The victims include a vast majority of the Elbert County community.  Even some of the members of our law enforcement have had their zoning codes changed illegally, and have been subjected to illegal enforcement actions.  The intimidation of the law enforcement agencies by the Board of Commissioners through politically motivated budget cuts demonstrates a consistent disregard for the Public which they predate.
        We have covered the details of this shocking story extensively in the Herald.  From the repeated tampering with physical evidence undertaken by the County’s Attorney to the enrichment of cooperative members of the Planning Commission.  We have covered the disastrous effects of illegal zoning enforcement upon the families and businesses of Elbert County.  The facts of the case, which have “shocked the conscience of the court” have shocked our readers as well.
        Yet the shock seems to be wearing off.  We have received an increasing number of letters from readers about what can be done when their government would enforce an illegal law. 
        The obvious first answer would be to fight in court – like the others who have successfully asserted their rights.  Though our court system is not without its faults, and while our Judges have all the disadvantages shared by other mortals, our courts are yet fair.  And the person who defends themselves pro-se is at no disadvantage against a County Attorney.  Court records from others who have successfully defended themselves are available to the public, and some have even been posted on the Herald’s website for free.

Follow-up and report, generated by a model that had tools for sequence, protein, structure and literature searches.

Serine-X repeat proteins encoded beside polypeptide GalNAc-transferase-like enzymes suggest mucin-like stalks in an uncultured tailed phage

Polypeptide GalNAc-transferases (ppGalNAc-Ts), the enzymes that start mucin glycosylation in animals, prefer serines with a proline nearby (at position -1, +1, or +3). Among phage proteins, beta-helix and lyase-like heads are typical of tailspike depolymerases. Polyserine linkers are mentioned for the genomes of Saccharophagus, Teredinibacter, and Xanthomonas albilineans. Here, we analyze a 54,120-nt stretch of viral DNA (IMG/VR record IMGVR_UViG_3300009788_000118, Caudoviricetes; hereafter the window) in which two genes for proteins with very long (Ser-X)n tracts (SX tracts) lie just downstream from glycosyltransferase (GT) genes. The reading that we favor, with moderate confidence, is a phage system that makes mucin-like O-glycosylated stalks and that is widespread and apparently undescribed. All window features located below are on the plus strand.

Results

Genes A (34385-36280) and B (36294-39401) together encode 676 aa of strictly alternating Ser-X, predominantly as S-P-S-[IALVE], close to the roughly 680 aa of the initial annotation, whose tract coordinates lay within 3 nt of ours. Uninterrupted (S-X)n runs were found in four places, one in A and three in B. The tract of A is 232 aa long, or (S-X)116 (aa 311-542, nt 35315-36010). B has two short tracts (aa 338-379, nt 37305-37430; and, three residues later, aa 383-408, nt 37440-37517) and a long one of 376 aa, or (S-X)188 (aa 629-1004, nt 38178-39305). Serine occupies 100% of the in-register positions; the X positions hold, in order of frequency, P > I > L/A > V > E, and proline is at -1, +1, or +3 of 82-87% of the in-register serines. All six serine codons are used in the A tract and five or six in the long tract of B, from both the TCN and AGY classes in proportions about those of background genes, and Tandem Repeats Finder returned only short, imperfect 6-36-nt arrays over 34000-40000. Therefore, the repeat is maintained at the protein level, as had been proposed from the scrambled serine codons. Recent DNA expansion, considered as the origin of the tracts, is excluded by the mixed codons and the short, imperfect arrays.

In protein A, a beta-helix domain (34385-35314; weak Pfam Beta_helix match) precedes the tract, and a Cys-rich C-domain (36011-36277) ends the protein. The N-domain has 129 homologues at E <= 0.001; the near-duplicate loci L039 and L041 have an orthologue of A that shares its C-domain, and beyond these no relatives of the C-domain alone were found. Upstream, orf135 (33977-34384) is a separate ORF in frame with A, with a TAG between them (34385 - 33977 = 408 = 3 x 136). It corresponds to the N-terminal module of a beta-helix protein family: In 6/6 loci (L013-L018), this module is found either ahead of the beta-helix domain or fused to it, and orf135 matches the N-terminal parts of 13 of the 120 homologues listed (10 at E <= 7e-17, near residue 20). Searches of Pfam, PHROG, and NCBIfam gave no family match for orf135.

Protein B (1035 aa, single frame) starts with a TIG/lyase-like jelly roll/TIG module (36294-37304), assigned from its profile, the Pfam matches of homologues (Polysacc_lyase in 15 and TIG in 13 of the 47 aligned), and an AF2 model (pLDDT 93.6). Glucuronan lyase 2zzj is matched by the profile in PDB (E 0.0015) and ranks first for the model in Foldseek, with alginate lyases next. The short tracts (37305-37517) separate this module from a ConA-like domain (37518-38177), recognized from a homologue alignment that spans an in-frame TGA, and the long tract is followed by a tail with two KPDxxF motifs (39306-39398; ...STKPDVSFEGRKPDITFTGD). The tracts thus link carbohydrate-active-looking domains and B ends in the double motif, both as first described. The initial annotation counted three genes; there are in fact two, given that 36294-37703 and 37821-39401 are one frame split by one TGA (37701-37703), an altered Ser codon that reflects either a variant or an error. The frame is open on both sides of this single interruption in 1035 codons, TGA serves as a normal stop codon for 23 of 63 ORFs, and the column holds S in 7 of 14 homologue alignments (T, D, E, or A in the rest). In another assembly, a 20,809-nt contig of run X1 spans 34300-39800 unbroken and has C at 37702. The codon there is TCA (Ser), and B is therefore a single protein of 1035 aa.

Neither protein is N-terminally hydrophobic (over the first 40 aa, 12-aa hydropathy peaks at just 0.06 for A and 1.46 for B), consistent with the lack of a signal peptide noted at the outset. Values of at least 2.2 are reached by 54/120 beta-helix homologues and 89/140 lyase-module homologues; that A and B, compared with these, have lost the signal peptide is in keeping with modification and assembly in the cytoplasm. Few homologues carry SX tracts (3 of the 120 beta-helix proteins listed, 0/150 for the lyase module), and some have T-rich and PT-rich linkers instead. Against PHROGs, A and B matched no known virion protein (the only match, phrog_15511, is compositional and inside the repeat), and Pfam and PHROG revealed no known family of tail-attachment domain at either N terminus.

Remember you do not need to fight Elbert County.  In Court, there is no fight; there is no adversarial relationship established or maintained.  Both the Defendant and the Plaintiff seek Justice, and the law.  It is a non-violent and effective method for self-preservation.  And our new County Attorney, Wade Gately, has assured the Public he will discontinue the abuses of prior County Attorneys. 
        The only way that Justice and Law will be re-established in Elbert County is to avail ourselves of our system of Justice.  From the Sheriff to the Judge, we must courageously place our trust in Law and Justice, to encourage those we entrust to uphold them.